2.2 Introduction to unconscious bias – basic concepts
Unconscious bias is a term used to describe the associations that we hold, which, despite being outside our conscious awareness, can have a significant influence on our attitudes and behaviour. Regardless of how fair minded we believe ourselves to be, most people have some degree of unconscious bias. This means that we automatically respond to others (e.g. men and women, people from different racial or ethnic groups) in different ways. These associations are difficult to override, regardless of whether we recognise them to be wrong, because they are deeply ingrained into our thinking and emotions. Unconscious bias refers to a bias that we are unaware of and which happens outside of our control. It is a bias that happens automatically and is triggered by our brain making quick judgments and assessments of people and situations, influenced by our background, cultural environment and personal experiences.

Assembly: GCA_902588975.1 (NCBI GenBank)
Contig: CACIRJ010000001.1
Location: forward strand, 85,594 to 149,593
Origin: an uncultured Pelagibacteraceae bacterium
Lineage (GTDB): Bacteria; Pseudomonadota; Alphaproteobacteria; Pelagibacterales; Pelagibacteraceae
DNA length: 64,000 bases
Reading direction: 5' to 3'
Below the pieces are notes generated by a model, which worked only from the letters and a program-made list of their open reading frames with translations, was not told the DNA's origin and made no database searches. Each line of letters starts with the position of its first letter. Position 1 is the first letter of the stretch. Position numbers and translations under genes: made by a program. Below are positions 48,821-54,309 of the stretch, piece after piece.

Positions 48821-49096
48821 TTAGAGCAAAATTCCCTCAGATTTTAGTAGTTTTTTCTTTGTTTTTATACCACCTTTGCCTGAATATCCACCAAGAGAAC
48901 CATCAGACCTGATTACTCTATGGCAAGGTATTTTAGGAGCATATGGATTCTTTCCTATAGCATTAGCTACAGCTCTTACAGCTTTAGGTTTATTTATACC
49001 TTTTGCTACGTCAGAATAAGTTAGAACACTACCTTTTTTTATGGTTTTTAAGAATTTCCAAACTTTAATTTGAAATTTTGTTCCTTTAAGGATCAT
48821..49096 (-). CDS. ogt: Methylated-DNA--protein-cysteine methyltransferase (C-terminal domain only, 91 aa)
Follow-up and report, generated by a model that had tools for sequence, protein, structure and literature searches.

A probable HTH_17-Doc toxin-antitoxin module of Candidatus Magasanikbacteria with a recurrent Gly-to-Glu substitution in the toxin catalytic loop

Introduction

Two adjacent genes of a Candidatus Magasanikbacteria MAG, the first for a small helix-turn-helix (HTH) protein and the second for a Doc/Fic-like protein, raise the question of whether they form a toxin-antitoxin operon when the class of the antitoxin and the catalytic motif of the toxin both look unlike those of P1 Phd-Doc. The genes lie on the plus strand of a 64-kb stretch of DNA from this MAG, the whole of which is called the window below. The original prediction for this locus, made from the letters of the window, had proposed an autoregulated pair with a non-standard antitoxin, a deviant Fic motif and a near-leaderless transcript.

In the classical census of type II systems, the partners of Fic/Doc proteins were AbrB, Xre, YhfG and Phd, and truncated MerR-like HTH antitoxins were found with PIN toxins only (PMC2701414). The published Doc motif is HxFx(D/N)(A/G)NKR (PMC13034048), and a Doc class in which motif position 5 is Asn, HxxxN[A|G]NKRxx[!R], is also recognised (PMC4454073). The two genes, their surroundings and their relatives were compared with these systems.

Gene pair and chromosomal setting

Not all bias is unconscious. Unconscious bias is defined as different from intentional or conscious bias, such as racism, sexism or homophobia. One of the key aspects of unconscious bias is that these biases can and often do run counter or opposite to the stated values of an individual. In this way, unconscious bias can help explain how people who value and support gender equality can still be involved in biased decisions or actions.